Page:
• Results signal the need for sustained stringent suppression measures as well as sustained efforts to target those at highest risk because of underlying conditions with a range of preventive interventions.
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Date Published 07/05/2020
OpenSAFELY: factors associated with COVID-19-related hospital death in the linked electronic health records of 17 million adult NHS patients.


  • Death from COVID-19 was strongly associated with: being male (hazard ratio 1.99, 95%CI 1.88-2.10); older age and deprivation (both with a strong gradient); uncontrolled diabetes (HR 2.36 95% CI 2.18-2.56); severe asthma (HR 1.25 CI 1.08-1.44); and various other prior medical conditions.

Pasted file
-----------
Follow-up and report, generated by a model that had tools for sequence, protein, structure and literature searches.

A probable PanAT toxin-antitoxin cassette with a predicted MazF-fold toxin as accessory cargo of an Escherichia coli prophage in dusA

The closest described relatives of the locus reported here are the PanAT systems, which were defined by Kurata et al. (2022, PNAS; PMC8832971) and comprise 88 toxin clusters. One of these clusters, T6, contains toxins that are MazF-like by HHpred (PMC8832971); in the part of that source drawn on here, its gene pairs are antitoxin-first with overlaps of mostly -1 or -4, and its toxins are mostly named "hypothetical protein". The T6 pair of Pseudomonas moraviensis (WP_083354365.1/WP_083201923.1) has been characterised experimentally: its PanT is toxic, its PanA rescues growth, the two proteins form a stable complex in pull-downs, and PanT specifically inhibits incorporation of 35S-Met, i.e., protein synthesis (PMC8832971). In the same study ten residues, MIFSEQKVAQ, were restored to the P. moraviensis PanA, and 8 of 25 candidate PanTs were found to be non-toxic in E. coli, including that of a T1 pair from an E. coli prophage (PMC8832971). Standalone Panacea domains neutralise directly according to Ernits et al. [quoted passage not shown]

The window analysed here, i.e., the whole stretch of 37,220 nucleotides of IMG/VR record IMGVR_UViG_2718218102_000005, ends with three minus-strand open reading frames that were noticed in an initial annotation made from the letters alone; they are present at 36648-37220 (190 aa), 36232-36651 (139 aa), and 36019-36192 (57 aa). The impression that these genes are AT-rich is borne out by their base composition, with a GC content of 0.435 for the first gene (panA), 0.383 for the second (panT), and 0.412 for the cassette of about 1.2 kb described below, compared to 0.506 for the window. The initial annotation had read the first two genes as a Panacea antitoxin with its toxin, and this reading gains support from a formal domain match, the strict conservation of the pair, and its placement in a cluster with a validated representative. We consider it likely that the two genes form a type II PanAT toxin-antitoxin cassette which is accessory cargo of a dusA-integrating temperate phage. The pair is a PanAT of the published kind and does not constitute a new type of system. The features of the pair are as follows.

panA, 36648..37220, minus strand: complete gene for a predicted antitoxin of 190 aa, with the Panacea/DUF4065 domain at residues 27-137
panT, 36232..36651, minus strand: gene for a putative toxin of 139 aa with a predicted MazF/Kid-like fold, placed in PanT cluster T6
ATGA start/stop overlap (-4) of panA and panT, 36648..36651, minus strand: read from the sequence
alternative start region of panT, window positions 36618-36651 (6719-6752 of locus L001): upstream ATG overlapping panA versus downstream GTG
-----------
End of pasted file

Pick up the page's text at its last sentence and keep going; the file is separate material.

• Compared to people with ethnicity recorded as white, black people were at higher risk of death, with only partial attenuation in hazard ratios from the fully adjusted model (age-sex adjusted HR 2.17 95% CI 1.84-2.57; fully adjusted HR 1.71 95% CI 1.44-2.02); with similar findings for Asian people (age-sex adjusted HR 1.95 95% CI 1.73-2.18; fully adjusted HR 1.62 95% CI 1.43-1.82).
  • People from Asian and black groups are at markedly increased risk of in-hospital death from COVID19, and contrary to some prior speculation this is only partially attributable to pre-existing clinical risk factors or deprivation; further research into the drivers of this association is therefore urgently required.
  • Deprivation is also a major risk factor with, again, little of the excess risk explained by comorbidity or other risk factors.